Sigma Sigma Sigma, Alpha Sigma Tau and Delta Zeta win second Tugs round

Members+of+Alpha+Sigma+Tau%27s+tugs+team+battle+against+Delta+Delta+Delta+on+Wednesday+at+the+Campus+Pond.+Alpha+Sigma+Tau+defeated+Delta+Delta+Delta+with+a+time+of+2%3A10.

Jason Howell

Members of Alpha Sigma Tau's tugs team battle against Delta Delta Delta on Wednesday at the Campus Pond. Alpha Sigma Tau defeated Delta Delta Delta with a time of 2:10.

Shadezja Garrett, Contributing Writer

Not even the heavy downpour of rain could dull competitor’s spirits at Tugs Wednesday afternoon.

Sororities Sigma Sigma Sigma, Alpha Sigma Tau and Delta Zeta won their rounds and will move on to the final day of Tugs on Friday. Mark Galvan, a senior kinesiology and sports studies major and member of Sigma Nu, coached Sigma Sigma Sigma this year and was happy about the team’s performance against Kappa Delta.

“They were amazing,” Galvan said. “They took everything we did in training and applied it perfectly. When it was time to compete, they were focused and ready.”

Having participated in Tugs for the last three years with Sigma Nu, Galvan was ready to share his methods when asked to coach. He told his team that participating in the competition is a yearlong commitment. “The training is only half the battle. These girls have to stay in shape for such a physically demanding contest,” Galvan said. “I feel that’s what makes the event that much more grand. Greeks, students, teachers, they all come out and see the excitement. This is the one event that everyone goes to.”

Kayla Cook, a senior recreation administration major and the Tugs captain for Sigma Sigma Sigma, agreed that Tugs is the most exciting event of the week, but also said the same feeling is reciprocated in other Greek Week festivities.

“Ask an Airbander the same question and I’m sure they would say Airband was the most exciting,” Cook said. “It’s just that with Tugs, it’s not the easiest event, so I do see it as a pretty impressive thing when people do Tugs.”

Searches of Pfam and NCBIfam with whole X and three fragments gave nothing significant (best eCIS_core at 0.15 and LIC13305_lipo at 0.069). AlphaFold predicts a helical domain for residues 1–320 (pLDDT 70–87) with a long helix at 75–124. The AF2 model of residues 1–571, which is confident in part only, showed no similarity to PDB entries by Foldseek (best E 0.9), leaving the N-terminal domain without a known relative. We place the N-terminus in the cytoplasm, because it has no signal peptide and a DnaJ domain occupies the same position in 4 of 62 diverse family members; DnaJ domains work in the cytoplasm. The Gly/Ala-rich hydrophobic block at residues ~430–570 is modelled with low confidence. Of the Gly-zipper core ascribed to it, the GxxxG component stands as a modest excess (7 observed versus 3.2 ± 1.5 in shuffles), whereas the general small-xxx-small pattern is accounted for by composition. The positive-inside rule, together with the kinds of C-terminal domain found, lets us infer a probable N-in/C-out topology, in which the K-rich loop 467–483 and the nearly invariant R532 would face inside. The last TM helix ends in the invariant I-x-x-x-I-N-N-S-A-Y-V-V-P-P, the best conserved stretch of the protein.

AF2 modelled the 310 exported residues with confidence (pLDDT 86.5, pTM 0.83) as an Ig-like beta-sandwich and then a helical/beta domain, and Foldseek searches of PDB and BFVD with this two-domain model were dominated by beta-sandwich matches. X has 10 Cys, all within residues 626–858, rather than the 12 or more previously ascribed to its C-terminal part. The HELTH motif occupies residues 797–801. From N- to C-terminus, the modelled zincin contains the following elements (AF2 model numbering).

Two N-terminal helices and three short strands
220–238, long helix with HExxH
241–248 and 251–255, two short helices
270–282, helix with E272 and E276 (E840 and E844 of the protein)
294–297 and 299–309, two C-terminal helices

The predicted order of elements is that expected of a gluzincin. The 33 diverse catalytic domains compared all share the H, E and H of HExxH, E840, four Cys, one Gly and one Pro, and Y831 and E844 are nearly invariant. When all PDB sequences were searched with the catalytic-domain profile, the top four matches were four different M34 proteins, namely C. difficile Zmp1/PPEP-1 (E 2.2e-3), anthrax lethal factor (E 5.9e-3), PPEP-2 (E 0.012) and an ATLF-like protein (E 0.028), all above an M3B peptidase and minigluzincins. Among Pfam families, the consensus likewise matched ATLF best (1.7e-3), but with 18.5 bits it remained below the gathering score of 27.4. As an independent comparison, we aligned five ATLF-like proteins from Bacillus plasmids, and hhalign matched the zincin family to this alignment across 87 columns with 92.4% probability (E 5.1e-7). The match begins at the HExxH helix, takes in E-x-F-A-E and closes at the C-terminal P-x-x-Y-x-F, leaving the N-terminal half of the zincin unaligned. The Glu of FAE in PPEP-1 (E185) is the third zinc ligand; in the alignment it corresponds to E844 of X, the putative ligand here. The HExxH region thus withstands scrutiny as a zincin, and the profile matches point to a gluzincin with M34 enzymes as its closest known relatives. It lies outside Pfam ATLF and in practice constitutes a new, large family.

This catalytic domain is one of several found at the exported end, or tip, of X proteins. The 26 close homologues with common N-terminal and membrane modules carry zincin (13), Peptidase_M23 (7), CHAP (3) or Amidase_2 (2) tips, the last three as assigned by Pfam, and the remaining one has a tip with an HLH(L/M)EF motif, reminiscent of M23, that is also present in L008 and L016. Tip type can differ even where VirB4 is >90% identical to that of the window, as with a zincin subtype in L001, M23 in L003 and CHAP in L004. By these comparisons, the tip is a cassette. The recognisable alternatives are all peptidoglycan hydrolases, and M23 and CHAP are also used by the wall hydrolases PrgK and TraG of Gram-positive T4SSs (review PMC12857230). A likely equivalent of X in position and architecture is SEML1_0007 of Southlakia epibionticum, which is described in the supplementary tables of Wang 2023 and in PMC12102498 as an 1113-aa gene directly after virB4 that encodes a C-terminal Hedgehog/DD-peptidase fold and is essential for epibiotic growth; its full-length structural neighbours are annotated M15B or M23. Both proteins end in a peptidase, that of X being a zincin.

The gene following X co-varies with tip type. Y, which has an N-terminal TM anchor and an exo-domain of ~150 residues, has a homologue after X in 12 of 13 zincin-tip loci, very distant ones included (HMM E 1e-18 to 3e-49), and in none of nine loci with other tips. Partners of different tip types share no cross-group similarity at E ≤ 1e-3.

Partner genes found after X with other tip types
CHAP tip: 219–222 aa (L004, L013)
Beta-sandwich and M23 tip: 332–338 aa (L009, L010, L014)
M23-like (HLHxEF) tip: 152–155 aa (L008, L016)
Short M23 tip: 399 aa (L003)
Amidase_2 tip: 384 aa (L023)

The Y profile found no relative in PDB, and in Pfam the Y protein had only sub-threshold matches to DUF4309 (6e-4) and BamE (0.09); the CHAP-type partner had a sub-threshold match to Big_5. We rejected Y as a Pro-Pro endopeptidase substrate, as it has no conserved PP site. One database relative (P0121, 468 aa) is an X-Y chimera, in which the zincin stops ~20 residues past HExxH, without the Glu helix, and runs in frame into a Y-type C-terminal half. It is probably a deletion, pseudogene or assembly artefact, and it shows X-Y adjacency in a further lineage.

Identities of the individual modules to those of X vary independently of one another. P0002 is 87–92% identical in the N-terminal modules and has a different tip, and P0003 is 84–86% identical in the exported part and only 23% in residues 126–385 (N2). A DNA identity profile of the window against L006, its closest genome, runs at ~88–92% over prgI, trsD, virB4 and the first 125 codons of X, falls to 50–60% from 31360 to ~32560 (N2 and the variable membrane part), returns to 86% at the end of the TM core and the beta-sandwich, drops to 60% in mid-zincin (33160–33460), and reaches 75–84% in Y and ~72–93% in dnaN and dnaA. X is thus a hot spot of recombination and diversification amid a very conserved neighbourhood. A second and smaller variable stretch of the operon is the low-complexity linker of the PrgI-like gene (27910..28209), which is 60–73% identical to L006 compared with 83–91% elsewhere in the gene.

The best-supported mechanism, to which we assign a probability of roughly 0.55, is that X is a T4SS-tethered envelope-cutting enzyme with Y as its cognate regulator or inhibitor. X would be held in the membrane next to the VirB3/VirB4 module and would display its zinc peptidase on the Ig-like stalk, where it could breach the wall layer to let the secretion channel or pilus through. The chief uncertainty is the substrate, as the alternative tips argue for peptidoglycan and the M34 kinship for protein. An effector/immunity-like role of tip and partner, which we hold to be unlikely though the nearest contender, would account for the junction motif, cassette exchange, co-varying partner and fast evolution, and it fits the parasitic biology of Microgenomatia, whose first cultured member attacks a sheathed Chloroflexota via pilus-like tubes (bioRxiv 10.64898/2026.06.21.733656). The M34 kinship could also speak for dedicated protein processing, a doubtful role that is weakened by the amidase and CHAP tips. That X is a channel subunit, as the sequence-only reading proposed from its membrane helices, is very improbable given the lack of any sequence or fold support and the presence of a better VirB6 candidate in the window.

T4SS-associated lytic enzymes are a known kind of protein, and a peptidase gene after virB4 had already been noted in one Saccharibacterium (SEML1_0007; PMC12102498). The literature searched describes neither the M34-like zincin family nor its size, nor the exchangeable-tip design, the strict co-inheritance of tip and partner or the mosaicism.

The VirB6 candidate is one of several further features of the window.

Cook learned that participating in Tugs can help build strong leadership skills and it pushes people to their limits.

“The girls that participate in Tugs are usually strong-willed and stubborn and that makes them amazing Tuggers, but it makes it very hard to guide them in a certain direction,” Cook said.

Galvan said members like this exist on every team. “They weren’t that accepting to authority, especially from someone they may not know too well,” Galvan said. “I just had to keep a respect level for them as they did for me, while assuring them that I’m here to help them win. We had a mutual understanding of hard work and work ethic. They give it their all, and I’ll give it my all.”

Both Cook and Galvan could feel the energy around Campus Pond.

“The energy before getting in the lane to tug is like no other. It’s a combination of nerves, excitement and a little bit of anxiety,” Cook said.

Galvan said he had a serious, focused vibe going into Tugs. “I more so felt it from my team being so focused and ready to win,” he said.

Tyler Stoklosa, a sophomore secondary education major and member of Sigma Chi, does not have previous experience in Tugs, but felt his first coaching job with Alpha Sigma Tau proved promising with their win over Delta Delta Delta. “I felt we exceeded expectations. The girls had textbook form and (gave) their all into the tug today. I was extremely proud of their performance,” Stoklosa said.

Emily Mooneyham, a senior psychology major and member of Delta Zeta, said the women will go into the next round of Tugs on Friday like they have all season.

“Never give up and never back down. My girls will give it their all every time they step in that lane,” Mooneyham said.

 

Shadezja Garrett can be reached at 581-2812 or [email protected]